Agriculture Design System
Design System for the Export Service

Change management

How we classify and communicate changes to our design system.

The design system is a living system that is constantly evolving and changing to meet the needs of our users. We want to communicate these changes simply and clearly for our users to understand.

See our updates page for our changelog.

Release cadence

We aim to release a new version of the design system via npm every two weeks, or the end of a sprint. This ensures that we are releasing changes regularly and giving our users a chance to provide feedback on changes before they are released.

This is a general guideline, and we may release more frequently if there are important changes to be released.

Change types

When contributing changes to the design system, it is important to understand how we classify and communicate them. This helps us to understand the impact of changes and to communicate them to our users.

We follow the Semantic Versioning system to classify changes. This system uses three classificatons to describe the type of change…

  • Patch
  • Minor
  • Major

Patch (fix)

A change that fixes a bug or makes a small improvement which does not affect the API of the component. The consumer isn’t expected to change their code to implement the update.

For example…

  • A minor visual change to a component
  • Resolving a crash or other kind of bug

The GitHub pull request related to a patch change can reviewed, merged, and released as soon as a AgDS team member is free.

Minor (feature)

A new feature to an existing component, or the introduction of a new standalone component. The user can elect to implement the change but isn’t forced to change existing code.

For example…

  • A new component
  • A new prop on an existing component

The GitHub pull request related to a patch change can be reviewed, merged, and released as soon as a AgDS team member is free.

Major (breaking)

A change which breaks the API of existing component(s). A user is expected to make a change to their code for it to continue working.

For example…

  • Removing a component
  • Removing a prop from a component
  • Changing the API, behaviour or name of a component

Before this can be merged, the community must be given a chance to give feedback on the change. Please follow the following steps.

  • Consult the Design System team of the change you intend to make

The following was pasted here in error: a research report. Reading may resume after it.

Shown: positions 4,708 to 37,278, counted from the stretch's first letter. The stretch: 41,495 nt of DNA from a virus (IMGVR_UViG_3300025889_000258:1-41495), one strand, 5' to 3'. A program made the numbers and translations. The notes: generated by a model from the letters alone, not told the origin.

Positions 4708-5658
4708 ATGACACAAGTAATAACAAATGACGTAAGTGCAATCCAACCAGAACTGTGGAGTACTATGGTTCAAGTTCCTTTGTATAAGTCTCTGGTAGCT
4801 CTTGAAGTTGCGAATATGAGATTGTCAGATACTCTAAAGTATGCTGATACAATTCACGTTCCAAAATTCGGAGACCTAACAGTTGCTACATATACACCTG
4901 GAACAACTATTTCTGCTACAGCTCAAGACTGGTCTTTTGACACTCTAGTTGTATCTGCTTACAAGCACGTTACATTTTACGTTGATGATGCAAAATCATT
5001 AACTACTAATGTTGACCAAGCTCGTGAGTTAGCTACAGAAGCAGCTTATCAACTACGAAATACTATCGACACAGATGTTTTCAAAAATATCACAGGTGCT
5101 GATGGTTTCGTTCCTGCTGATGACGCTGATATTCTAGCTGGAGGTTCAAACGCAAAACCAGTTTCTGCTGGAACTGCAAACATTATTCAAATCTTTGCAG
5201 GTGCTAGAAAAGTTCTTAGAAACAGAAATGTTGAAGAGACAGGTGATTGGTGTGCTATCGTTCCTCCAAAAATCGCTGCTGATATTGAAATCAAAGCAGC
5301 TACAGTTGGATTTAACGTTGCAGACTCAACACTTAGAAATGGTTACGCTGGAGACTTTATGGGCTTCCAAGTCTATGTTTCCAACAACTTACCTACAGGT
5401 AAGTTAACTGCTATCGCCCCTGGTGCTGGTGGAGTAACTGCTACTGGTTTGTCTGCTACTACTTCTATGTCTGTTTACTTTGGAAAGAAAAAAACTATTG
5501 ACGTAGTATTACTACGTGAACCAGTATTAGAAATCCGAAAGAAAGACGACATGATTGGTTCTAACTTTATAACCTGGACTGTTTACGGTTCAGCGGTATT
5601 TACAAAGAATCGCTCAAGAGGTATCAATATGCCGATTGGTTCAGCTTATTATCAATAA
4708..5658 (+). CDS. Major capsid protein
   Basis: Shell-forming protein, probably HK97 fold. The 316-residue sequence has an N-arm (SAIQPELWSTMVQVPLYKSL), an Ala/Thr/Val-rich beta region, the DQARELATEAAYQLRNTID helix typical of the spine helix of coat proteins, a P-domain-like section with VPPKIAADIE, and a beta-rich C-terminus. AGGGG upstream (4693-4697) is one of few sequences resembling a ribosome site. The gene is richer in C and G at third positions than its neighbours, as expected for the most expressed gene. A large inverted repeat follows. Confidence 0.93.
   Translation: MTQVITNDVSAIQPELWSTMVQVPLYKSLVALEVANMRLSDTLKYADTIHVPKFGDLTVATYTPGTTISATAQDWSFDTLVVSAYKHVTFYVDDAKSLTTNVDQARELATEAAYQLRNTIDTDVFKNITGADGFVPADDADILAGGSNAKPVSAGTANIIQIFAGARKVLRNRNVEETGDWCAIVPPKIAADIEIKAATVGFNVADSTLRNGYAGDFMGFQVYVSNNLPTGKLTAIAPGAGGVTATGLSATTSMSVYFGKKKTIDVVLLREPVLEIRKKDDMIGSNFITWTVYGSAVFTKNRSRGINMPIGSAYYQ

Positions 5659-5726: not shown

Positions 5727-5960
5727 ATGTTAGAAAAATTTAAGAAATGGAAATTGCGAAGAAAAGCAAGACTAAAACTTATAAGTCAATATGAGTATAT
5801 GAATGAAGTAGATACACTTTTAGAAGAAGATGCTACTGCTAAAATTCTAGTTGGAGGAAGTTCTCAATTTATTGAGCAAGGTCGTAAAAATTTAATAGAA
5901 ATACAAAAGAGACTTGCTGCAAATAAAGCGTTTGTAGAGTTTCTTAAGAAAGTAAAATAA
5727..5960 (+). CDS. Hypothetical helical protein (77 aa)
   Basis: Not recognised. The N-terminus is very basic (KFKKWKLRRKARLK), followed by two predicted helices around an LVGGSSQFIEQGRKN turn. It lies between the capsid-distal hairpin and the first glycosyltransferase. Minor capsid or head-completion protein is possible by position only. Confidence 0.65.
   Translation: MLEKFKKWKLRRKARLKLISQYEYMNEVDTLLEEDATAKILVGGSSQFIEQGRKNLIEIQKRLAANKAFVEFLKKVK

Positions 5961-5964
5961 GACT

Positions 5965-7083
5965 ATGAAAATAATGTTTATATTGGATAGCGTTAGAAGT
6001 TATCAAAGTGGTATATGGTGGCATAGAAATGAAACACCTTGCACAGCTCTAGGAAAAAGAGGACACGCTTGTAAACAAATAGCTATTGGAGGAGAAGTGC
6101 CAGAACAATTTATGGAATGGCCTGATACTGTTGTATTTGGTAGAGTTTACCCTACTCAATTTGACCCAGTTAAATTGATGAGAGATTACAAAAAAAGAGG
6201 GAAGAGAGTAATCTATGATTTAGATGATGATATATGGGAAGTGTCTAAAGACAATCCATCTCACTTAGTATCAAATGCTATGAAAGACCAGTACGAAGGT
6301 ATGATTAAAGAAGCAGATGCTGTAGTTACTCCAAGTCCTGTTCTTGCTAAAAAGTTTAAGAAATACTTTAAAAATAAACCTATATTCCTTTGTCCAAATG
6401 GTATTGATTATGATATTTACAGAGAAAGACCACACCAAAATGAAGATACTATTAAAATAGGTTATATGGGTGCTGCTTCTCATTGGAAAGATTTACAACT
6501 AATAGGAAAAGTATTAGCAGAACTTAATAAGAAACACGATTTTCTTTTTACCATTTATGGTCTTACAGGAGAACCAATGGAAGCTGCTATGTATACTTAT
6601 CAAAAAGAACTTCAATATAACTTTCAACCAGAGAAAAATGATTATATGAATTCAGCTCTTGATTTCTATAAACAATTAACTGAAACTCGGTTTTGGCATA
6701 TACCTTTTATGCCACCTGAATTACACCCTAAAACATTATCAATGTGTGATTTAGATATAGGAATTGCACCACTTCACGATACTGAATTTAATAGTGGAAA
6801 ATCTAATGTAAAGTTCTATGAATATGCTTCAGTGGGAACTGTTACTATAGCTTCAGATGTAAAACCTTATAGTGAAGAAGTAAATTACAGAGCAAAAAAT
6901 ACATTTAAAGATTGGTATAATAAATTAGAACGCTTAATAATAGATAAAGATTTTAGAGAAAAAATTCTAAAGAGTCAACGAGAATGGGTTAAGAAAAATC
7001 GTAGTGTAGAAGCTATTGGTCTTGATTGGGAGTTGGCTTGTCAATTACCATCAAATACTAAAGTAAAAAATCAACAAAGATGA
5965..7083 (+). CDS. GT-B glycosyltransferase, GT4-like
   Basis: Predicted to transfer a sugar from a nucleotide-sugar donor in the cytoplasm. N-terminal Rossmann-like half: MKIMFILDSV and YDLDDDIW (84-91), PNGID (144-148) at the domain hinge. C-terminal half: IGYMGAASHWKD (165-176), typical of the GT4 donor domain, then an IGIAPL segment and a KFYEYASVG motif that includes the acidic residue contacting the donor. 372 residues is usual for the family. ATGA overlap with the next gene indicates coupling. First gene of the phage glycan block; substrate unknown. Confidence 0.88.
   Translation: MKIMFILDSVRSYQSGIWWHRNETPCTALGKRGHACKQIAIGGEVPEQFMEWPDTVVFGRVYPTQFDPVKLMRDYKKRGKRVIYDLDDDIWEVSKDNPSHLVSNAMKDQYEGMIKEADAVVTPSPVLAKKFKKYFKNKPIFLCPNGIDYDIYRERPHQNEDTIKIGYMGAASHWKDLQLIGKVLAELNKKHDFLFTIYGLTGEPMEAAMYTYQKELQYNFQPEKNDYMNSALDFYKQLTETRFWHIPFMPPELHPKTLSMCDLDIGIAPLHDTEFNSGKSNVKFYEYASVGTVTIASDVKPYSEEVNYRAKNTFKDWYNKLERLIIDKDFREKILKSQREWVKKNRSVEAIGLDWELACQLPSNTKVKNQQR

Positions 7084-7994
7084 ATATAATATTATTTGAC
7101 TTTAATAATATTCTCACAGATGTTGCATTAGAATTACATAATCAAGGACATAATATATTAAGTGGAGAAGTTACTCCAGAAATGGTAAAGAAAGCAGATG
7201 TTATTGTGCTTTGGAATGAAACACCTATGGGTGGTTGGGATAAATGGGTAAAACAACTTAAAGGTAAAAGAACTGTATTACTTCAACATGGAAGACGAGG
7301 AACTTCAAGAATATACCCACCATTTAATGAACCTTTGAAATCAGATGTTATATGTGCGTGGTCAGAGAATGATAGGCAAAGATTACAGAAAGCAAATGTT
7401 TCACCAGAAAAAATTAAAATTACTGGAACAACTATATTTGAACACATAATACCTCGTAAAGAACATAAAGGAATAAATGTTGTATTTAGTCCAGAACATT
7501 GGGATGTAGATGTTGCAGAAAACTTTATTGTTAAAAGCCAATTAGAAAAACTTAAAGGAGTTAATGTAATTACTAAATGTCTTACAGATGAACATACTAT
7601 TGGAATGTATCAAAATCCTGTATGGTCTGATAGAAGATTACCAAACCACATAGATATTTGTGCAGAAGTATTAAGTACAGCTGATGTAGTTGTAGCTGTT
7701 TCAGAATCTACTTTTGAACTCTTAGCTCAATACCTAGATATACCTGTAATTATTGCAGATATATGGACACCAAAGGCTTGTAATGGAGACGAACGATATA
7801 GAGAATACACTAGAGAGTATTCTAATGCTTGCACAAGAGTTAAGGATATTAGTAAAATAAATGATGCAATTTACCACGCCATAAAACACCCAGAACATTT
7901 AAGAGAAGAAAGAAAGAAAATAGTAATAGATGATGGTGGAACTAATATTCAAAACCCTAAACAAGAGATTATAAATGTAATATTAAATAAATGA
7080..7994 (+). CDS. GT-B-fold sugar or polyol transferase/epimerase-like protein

• Open the PR as a draft, and add the ‘breaking’ label. Notify the AgDS team
  • AgDS team will notify the community via the ‘Design System’ chat in Microsoft Teams
  • Leave the PR open for at least one week, to give the community a chance to give feedback by commenting on the GitHub Pull Request
  • Consider the feedback given and make any changes
  • The AgDS team will decide whether to merge the PR and release the change

‘No change’

Changes that do not affect our published artefacts such as the documentation website updates do not require any versioning updates.


As a rule, we do our best to design with the future in mind, to avoid breaking changes. However, sometimes new information or ideas come to light which mean that we need to change our approach. In these cases, we will deprecate a component or prop.

Deprecation is a process of warning users that a component or prop will be removed in a future release. This gives users a chance to update their code before the change is made.

If we intend to deprecate a component or prop, the process for communicating breaking changes, as outlined above, must be followed. A Github Pull Request will be created as a draft and will include the ‘deprecation’ label. The community will be given one week to give feedback, before we decide whether to merge the PR and release the change.

About Changesets

We use Changesets to communicate the changes to our users and to automate the release process.

Every pull request which changes a component must include a changeset file. This file describes the change and is used to generate the release notes and to determine the version number of the next release.

To create a changeset, run yarn changeset in the root of the repository. Then commit the changeset file and push it to your branch.